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Communication dans un congrès

Rare-earth elements enrichment of Pacific seafloor sediments: the view from volcanic islands of Polynesia

Abstract : Rare-earth elements (REEs) are key metals for "green" technologies such as energy saving lamps or permanent magnets used in, e.g., wind turbines, hard disk drives, portable phone or electric or hybrid vehicles. Since several years, world demand for these metals is therefore drastically increasing. The quasi-monopolistic position of China, which produces around 95 % of global REEs production, generates risks for the industries that depend on a secure supply of REEs. In response, countries are developing and diversifying their supply sources, with new mining projects located outside China and efforts in the area of REEs recycling. Most of these projects focus on deposits related to carbonatites and alkaline-peralkaline magmatism, which are generally enriched in light REEs (LREEs) compared to the heavy REEs (HREEs)-enriched deposits of the ion-adsorption types, located in southern China. However, a recent study revealed new valuable resources corresponding to seafloor sediments located in the south-eastern and north-central Pacific. The deep-sea mud described by these authors show a higher HREE/LREE ratio than ion-adsorption deposits, a feature which significantly increases their economic interest. The authors suggest mid-ocean ridge hydrothermal activity as an explanation to this anomalous enrichment. However, several contributions have documented considerable REEs enrichment in basalts and peridotitic xenoliths from French Polynesia. Several arguments have been exposed in favour of a supergene origin, with a short migration, suggesting that REEs were collected from weathered basalts. The Tahaa volcanic island (Sous-le-Vent Island, Society Archipelago, French Polynesia) is the first location where such enrichment has been described. New petrographic and mineralogical investigations confirm a supergene mobilization of this abnormal occurrence. REE-bearing minerals (mainly phosphates of the rhabdophane group) are primarily located within basalt vesicles but also in crack that cross-cut the calcite filling the vesicles or the volcanic glass. They are also closely associated with Ni-Mg bearing phyllosilicates, which appear to nucleate from alteration of olivine and clinopyroxenes. Further investigations are done to evidence and confirm an anterior magmatic enrichment. On the basis of these observations, we believe that the anomalous enrichment observed in seafloor sediments could derive from abnormally-rich provinces corresponding to aerial basaltic formations from oceanic islands primarily enriched during weathering processes (Melleton et al., 2014).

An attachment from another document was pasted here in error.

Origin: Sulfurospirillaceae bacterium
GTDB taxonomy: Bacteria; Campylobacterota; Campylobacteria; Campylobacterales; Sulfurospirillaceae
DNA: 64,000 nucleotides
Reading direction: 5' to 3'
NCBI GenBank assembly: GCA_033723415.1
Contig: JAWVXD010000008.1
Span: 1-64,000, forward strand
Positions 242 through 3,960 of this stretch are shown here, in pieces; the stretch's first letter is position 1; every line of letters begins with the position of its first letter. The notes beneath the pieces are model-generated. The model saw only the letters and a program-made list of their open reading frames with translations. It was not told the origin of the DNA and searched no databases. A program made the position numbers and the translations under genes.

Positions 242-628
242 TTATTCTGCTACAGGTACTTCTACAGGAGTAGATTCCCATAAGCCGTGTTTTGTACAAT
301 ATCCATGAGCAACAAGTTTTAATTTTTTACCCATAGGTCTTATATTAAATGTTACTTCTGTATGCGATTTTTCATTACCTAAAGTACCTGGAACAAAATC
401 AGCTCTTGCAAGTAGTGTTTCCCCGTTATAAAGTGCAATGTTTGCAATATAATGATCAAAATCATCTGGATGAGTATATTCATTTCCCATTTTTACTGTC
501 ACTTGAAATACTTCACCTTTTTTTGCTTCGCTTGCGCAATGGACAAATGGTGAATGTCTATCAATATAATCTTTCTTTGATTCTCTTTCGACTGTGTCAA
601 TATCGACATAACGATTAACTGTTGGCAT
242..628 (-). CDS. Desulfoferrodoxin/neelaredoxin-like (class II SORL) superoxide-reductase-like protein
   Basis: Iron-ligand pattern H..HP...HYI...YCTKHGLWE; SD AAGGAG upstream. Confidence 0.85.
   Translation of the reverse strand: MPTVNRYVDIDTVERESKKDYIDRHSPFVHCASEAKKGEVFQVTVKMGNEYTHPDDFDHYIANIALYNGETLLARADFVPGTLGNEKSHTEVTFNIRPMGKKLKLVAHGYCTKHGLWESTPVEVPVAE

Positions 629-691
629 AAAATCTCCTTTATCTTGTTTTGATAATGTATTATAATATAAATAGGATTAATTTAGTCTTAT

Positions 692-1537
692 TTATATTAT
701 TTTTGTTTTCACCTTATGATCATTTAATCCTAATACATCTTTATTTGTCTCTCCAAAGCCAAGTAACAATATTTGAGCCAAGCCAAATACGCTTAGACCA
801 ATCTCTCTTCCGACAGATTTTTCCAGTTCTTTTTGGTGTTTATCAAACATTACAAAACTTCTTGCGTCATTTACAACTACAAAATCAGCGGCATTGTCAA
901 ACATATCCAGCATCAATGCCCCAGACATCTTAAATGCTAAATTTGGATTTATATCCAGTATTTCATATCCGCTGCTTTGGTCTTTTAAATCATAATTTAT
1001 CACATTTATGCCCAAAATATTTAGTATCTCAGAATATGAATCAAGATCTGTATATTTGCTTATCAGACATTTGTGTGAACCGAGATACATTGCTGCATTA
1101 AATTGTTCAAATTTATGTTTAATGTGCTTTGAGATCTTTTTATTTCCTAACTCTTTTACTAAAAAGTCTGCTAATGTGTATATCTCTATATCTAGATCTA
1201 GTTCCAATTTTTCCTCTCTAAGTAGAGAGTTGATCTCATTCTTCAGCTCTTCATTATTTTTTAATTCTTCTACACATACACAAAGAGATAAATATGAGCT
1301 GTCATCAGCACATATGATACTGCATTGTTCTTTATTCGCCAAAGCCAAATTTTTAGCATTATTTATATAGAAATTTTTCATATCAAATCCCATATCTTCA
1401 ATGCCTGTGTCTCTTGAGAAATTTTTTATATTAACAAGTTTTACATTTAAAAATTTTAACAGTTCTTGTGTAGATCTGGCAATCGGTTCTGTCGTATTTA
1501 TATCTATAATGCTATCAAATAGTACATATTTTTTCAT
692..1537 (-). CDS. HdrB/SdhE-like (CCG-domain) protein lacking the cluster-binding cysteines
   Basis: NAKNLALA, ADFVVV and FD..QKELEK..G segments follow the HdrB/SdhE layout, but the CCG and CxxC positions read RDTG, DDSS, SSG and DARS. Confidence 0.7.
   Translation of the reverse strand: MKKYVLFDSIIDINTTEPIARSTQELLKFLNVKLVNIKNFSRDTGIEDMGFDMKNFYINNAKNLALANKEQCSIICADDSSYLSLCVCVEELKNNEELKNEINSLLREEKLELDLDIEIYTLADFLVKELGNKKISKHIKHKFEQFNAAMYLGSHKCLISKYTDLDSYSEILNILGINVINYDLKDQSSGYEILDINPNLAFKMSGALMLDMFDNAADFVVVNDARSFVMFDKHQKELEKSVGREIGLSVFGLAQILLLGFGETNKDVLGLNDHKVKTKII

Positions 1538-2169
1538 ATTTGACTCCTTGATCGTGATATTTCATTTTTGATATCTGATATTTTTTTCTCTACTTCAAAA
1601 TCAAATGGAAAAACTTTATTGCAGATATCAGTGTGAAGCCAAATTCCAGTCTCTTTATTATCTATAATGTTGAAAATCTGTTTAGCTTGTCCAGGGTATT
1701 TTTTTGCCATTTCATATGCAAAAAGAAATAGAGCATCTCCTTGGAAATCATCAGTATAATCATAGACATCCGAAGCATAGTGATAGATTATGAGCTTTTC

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Communication dans un congrès
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https://hal-brgm.archives-ouvertes.fr/hal-00971688
Contributeur : Jérémie Melleton <>
Soumis le : jeudi 3 avril 2014 - 10:24:01
Dernière modification le : vendredi 12 juin 2020 - 15:22:08

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  • HAL Id : hal-00971688, version 1

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Jérémie Melleton, Johann Tuduri, Olivier Pourret, Laurent Bailly, Thierry Gisbert. Rare-earth elements enrichment of Pacific seafloor sediments: the view from volcanic islands of Polynesia. EGU General Assembly 2014, Apr 2014, Vienne, Austria. ⟨hal-00971688⟩

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